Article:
College Sports

What The Rule of 26-27-60 Tells Us Four-Years Later — And What It Says About Manziel, Bortles, Bridgewater, etc.

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(Photo by Kevin C. Cox/Getty Images)

(Photo by Kevin C. Cox/Getty Images)

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By John P. Lopez

Four-years ago Sports Illustrated asked me to write a piece about the NFL’s Wonderlic test — does it really work or say anything about whether a prospect can succeed in the NFL?

The Wonderlic alone, of course, couldn’t possibly be a tell-all, and a bit of research confirmed as much. But while looking at top quarterback prospects, their reported Wonderlic scores and how they fared in the NFL, I noticed a trend.

It was not an absolute. It was not a secret code, or a definitive indicator. Still, it definitely revealed a correlation between three factors:

A quarterback’s Wonderlic score, the number of games he started in college and his passing accuracy in college.

The numbers that seemed to reveal the most interesting results were 26-27-60.

Players who surpassed 26 on the Wonderlic, started at least 27-games in college and completed more than 60-percent of their passes largely had their success translate to the NFL. Here is the link to the original piece, but more to the here-and-now, what has happened to quarterbacks since that piece first was published?

Given that college offenses have become much more wide-open and spread out, do the numbers still translate?

The results are startling. Not counting the 2013 NFL draft class, since they were rookies a season ago, here are the top-six cumulative scores since the 2010 draft. I came up with a total score, which includes each players’ Wonderlic, games started and completion percentage in college:

1) Colin Kaepernick — 144.2

2) Andrew Luck — 142.0

3) Colt McCoy — 140.1

4) Andy Dalton — 139.7

5) Kirk Cousins — 137.1

6) Sam Bradford — 134.6

Those players combined have started 177-games and accounted for three different teams making a playoff appearance.

By contrast, here are the six lowest-scoring quarterbacks since 2010, cumulatively:

1) Cam Newton (a 1-year player at Auburn) — 101.1

2) Brock Osweiler — 101.6

3) Jake Locker — 110.1

4) Ryan Mallett — 113.8

5) Ryan Tannehill — 116.5

6) Jimmy Clausen — 119.6.

Combined, those quarterbacks have started 108 games — just 60 if you consider Cam Newton an outlier as a one-year player at Auburn. Newton also has accounted for the only playoff appearance among those quarterbacks.

The top-six quarterbacks also have a combined record of 94-80. The bottom-six, a combined record of 49-59 (24-36, minus Cam Newton). Perhaps it is mere coincidence, but ask most any NFL GM or head coach today and he likely would say that first group of quarterbacks rates miles ahead of the second group.

So how do the 2014 prospects compare? Here are their numbers, followed by those of every NFL quarterback drafted in the top-four rounds since 2010.

NAME                  WONDERLIC         STARTS       PASS %      TOTAL

Johnny Manziel      32                         26                68.9             126.9

Blake Bortles         28                         30                65.7             123.7

T. Bridgewater       20                         37                68.4             125.4

Derek Carr            20                         39                66.7             125.7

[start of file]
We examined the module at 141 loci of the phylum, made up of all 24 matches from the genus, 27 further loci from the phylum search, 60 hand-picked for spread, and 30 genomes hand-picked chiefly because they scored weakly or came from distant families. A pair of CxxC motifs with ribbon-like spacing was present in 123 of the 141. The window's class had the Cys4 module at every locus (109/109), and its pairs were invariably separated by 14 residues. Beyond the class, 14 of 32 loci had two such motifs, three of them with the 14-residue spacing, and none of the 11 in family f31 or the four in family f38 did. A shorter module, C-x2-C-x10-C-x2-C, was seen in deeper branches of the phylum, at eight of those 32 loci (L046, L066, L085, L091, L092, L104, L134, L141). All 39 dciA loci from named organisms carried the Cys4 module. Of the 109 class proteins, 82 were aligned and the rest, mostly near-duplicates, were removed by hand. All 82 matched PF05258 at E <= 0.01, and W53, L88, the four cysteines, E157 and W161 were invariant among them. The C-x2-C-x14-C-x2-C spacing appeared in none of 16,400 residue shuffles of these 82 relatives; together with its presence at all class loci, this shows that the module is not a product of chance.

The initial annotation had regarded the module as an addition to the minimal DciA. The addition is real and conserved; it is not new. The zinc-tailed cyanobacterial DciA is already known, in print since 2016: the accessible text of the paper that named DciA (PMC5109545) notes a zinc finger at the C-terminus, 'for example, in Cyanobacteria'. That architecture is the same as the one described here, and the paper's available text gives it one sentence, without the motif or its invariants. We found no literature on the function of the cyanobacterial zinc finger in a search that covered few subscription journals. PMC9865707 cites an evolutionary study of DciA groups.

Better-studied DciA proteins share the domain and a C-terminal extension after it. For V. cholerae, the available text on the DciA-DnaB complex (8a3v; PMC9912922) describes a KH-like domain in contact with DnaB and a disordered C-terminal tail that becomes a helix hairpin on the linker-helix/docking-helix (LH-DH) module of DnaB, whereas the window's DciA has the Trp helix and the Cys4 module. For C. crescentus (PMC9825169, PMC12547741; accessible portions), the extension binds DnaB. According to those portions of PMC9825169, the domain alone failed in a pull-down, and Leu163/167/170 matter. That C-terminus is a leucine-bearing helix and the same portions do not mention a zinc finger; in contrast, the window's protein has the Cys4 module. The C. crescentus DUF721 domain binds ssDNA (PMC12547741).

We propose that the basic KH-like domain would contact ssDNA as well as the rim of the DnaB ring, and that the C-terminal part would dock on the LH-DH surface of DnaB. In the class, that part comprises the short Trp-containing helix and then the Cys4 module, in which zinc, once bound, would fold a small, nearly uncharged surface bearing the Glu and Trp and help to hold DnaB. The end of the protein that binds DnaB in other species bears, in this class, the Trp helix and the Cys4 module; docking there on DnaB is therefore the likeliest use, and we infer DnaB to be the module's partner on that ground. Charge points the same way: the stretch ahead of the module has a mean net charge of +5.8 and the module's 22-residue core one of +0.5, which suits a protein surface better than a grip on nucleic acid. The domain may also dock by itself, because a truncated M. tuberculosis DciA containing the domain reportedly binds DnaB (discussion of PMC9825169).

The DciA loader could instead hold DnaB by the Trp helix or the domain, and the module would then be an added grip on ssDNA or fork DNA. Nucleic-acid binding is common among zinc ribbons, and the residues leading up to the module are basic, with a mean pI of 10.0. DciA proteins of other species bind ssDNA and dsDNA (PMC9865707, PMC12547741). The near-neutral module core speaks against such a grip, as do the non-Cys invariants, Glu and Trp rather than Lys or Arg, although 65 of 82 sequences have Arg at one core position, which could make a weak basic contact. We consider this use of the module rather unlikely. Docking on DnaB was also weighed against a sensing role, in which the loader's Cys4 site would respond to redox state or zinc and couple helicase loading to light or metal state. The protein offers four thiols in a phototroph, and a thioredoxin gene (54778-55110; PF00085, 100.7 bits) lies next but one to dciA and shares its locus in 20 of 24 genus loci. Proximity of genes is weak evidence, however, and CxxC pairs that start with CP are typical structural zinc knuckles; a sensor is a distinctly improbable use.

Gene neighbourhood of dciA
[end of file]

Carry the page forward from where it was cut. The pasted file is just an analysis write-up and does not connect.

J. Garoppolo         24                         38                62.8             124.8

2010:

Name                    Wonderlic             Starts           Pass %        Total

Sam Bradford        36                         31                67.6             134.6

Tim Tebow           22                         41                66.4             129.4

Jimmy Clausen      23                         34                62.6             119.6

Colt McCoy          25                         51                70.6             140.1

Mike Kafka            35                         24                64.1             123.1

 2011:                                                                                       

Cam Newton         21                         14                66.1             101.1

Jake Locker           20                         36                54.1             110.1

Blaine Gabbert       42                         25                60.9             127.9

Christian Ponder    35                         34                61.8             130.8

Andy Dalton           29                         49                61.7             139.7

Colin Kaepernick   37                         48                59.2             144.2

Ryan Mallett           26                         30                57.8             113.8

2012:

Andrew Luck        37                         38                67.0             142.0

Robert Griffin        24                         40                67.1             131.1

Ryan Tannehill       34                         20                62.5             116.5

Brandon Weeden   27                         24                69.0             120.0

Brock Osweiler      25                         16                60.6             101.6

Russell Wilson      28                         44                60.9             132.9

Nick Foles             29                         35                66.8             130.8

Kirk Cousins         33                         40                64.1             137.1

2013:

Ryan Nassib         41                         38                60.3             139.3

E.J. Manuel           28                         33                66.9             127.9

Geno Smith           24                         39                67.4             130.4

Mike Glennon        26                         26                60.4             112.4

 

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